This article written by Valéry Ridde, Lucie Lechat and Ivlabehire Bertrand Meda was published on the BMJ Global Health Journal on July 7th 2016. The article is about the resilience of the Burkina Faso’s health system following the terrorist attack of January 15th 2016 in Ouagadougou. The article is published in open acces and is available to download under its abstract.



In Africa, health systems are often not very responsive. Their resilience is often tested by health or geopolitical crises. The Ebola epidemic, for instance, exposed the fragility of health systems, and recent terrorist attacks have required countries to respond to urgent situations. Up until 2014, Burkina Faso’s health system strongly resisted these pressures and reforms had always been minor. However, since late 2014, Burkina Faso has had to contend with several unprecedented crises. In October 2014, there was a popular insurrection. Then, in September 2015, the Security Regiment of the deposed president attempted a coup d’état. Finally, on 15 January 2016, a terrorist attack occurred in the capital, Ouagadougou. These events involved significant human injury and casualties. In these crises, the Burkinabè health system was sorely tried, testing its responsiveness, resiliency and adaptability. We describe the management of the recent terrorist attack from the standpoint of health system resilience. It would appear that the multiple crises that had occurred within the previous 2 years led to appropriate management of that terrorist attack thanks to the rapid mobilisation of personnel and good communication between centres. For example, the health system had put in place a committee and an emergency response plan, adapted blood bank services and psychology services, and made healthcare free for victims. Nevertheless, the system encountered several challenges, including the development of framework documents for resources (financial, material and human) and their use and coordination in crisis situations.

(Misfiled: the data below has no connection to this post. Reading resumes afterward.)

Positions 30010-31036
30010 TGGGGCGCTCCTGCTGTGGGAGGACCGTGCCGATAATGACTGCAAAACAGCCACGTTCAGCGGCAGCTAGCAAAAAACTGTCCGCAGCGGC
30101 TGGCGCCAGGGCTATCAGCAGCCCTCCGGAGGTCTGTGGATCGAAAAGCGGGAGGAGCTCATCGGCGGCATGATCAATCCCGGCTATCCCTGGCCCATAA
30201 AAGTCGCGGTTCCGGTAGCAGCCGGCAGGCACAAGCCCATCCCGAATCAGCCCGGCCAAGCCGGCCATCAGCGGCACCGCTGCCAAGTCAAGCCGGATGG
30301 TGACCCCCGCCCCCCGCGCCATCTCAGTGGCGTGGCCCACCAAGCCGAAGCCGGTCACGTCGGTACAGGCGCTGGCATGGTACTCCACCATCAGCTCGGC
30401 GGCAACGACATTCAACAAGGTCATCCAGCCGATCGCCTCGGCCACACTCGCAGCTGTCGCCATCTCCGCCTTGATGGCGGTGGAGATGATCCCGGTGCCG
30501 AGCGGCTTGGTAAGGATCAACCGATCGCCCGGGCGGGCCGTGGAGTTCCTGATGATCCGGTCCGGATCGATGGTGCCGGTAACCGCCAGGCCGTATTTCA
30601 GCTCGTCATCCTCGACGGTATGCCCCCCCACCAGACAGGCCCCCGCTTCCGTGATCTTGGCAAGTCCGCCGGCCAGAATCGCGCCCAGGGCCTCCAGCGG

Key questions:

What is already known about this topic?

  • The concept of health system resilience is still new.

  • Health systems in West Africa are precarious, not very responsive, and dysfunctional.

  • Terrorist attacks in Africa are increasing and pose challenges for health systems.

What are the new findings?

  • Burkina Faso’s health system has always made marginal changes, without major reforms.

  • The series of political and terrorist events since 2014 have prompted the actors to adapt.

  • The continuity of medical and psychological services provided, and their continued provision free of charge, should be monitored.

Recommendations for policy

  • A crisis response plan should be formulated and put in place.

  • Health personnel should be better trained to manage crises.

  • Healthcare facilities need to be better prepared.


Download and suggested citation:

Ridde, V., Lechat, L., & Meda, I. B. (2016). Terrorist attack of 15 January 2016 in Ouagadougou: how resilient was Burkina Faso’s health system? BMJ Global Health. Download